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Gold Award Girl Scout uses her green thumb for good


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St. Louis, MO – July 10, 2018 – Lillian Orskog, an incoming junior at Kirksville High School in Kirksville, MO, recently earned the Girl Scout Gold Award, the highest achievement in Girl Scouting. By earning the award, Orskog exemplifies a leader who has transformed an idea or vision for change into an actionable plan with a measurable and sustainable impact. Orskog was recognized with other Gold Award Girl Scouts during a ceremony at Lindenwood University in St. Charles this summer.

A recent national report indicates healthy eating patterns are associated with positive health outcomes. Evidence shows incorporating a healthier dietary lifestyle is associated with a reduced risk of cardiovascular disease, type 2 diabetes, certain types of cancers and obesity. As Orskog started planning her Girl Scout Gold Award project, giving her community members easy access to fresh vegetables was a priority.  

To earn the award, Orskog assembled 25 salad garden boxes and in each one, planted vegetables like lettuce, kale, carrots and peppers. After the seedlings took root, Orskog donated the miniature gardens along with 25 herb boxes to community members interested in harvesting their own vegetables. Orskog made sure to gift one salad garden box to the Adair County SB40 Developmental Disability Board, so the clients of the organization also can pick vegetables growing right outside the door.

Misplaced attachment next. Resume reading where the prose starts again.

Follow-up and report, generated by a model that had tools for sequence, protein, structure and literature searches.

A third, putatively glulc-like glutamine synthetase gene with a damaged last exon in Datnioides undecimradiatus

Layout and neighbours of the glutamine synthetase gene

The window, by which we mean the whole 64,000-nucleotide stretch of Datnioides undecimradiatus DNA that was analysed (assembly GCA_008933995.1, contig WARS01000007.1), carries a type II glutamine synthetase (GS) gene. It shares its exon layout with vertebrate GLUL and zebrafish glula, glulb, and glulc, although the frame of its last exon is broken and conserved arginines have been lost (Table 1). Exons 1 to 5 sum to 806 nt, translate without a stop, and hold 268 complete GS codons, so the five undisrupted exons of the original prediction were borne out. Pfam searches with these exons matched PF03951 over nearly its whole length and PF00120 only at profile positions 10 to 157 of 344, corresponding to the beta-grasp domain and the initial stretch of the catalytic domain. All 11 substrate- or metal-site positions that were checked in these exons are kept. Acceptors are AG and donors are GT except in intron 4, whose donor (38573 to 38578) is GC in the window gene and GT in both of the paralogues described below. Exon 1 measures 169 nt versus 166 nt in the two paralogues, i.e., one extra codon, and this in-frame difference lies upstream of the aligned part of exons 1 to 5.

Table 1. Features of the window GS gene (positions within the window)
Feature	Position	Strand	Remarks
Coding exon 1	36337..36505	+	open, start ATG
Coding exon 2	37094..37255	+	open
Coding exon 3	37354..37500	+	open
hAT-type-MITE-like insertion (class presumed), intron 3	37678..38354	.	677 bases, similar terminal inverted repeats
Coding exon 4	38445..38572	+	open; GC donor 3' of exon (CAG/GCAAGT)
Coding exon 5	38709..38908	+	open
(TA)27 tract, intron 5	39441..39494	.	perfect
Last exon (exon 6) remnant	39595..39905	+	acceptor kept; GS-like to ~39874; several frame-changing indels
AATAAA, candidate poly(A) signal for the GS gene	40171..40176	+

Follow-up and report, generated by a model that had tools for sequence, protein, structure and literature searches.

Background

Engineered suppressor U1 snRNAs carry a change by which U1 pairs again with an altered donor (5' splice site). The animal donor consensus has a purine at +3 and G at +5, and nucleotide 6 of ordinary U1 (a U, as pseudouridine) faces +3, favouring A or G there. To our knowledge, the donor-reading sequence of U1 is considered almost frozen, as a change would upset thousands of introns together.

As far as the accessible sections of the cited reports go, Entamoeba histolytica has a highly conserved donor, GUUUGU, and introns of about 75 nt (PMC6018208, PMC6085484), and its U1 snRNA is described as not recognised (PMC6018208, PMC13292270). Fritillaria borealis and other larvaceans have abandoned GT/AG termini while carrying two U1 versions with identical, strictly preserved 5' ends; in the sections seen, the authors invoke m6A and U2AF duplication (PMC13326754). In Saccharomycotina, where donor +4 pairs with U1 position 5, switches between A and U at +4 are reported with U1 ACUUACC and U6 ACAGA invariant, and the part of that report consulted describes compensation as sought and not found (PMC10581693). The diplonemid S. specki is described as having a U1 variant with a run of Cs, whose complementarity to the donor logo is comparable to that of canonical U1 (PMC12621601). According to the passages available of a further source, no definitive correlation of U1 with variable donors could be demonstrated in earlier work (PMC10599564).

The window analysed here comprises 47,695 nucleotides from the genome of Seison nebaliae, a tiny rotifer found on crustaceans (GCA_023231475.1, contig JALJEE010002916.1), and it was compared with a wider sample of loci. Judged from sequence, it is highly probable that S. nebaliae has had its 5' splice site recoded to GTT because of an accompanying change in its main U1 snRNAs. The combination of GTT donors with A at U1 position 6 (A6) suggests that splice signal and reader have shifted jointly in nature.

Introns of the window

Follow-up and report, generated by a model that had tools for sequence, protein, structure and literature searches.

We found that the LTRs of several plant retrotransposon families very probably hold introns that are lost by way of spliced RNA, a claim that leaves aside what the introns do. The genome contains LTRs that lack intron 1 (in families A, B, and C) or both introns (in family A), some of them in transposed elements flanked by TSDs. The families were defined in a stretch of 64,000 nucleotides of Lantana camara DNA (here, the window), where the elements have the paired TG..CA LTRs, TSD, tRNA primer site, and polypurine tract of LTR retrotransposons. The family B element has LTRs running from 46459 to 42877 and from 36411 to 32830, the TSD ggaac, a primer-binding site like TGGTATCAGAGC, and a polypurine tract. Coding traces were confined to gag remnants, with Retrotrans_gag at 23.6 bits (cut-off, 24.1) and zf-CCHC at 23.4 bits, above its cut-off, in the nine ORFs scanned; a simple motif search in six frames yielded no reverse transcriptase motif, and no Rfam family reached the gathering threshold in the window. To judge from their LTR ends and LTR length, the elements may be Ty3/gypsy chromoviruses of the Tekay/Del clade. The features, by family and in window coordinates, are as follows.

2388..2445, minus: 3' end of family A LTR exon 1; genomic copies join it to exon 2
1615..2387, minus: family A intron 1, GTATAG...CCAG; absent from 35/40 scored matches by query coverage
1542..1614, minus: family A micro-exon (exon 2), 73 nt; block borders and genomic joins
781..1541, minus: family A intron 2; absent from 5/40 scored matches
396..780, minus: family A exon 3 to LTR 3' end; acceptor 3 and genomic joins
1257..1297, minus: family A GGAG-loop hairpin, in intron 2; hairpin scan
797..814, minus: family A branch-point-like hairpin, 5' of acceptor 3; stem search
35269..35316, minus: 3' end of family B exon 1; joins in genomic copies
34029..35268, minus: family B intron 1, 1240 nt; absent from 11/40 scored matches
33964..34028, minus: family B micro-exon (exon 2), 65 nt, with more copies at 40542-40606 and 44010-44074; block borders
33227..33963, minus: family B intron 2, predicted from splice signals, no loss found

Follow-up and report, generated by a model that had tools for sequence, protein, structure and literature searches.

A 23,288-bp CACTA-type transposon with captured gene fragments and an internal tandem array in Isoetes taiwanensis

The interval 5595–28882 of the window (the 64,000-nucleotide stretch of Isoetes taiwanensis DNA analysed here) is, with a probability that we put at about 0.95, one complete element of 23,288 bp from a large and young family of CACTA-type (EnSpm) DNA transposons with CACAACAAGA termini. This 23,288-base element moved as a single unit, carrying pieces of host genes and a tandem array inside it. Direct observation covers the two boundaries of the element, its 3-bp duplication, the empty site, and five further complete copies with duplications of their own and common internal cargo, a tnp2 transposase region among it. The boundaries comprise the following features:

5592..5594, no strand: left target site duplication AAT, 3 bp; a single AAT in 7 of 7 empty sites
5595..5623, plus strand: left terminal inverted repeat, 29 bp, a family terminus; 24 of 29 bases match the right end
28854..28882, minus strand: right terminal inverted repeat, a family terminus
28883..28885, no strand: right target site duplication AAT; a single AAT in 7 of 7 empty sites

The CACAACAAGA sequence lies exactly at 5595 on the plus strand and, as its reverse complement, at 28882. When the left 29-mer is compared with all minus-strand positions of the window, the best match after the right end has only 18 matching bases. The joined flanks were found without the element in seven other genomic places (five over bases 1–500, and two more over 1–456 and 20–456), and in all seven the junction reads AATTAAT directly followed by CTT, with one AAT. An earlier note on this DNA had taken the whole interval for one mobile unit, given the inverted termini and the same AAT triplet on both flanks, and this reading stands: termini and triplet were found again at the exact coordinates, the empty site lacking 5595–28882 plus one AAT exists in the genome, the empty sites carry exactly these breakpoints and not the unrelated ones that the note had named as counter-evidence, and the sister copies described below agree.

“I love to cook and use the plants that we grow at home,” Orskog said. “Some people can’t do that, and I wanted to make sure that they can.”

Orskog created a website that includes recipes using the vegetables she planted in the salad boxes in addition to gardening trip and tricks. Orskog also connected with individuals from Community Action Partnership of Northeast Missouri who will incorporate her project into a program that provides fresh produce to area residents.

The Girl Scout Gold Award represents the culmination of more than 80 hours of work on a project. Approximately one million Girl Scouts in ninth through 12th grade have earned the Girl Scout Gold Award or its equivalent since 1916.

A young woman who has earned the Gold Award is a community leader. Gold Award Girl Scouts report a more positive sense of self, are more engaged civically and in community service, have more confidence in their leadership abilities, and experience greater life satisfaction and success than non-Gold Award peers. Some of the benefits of becoming a Gold Award Girl Scout are:

  • Immediately rising one rank when enlisting in the US Armed Forces
  • Earning scholarships from colleges and universities
  • Recognition from many government and non-profit organizations

Earning the Gold Award is just one of the amazing things girls can do as part of Girl Scouts. To join Girl Scouts or learn more about volunteering, please visit girlscoutsem.org/join.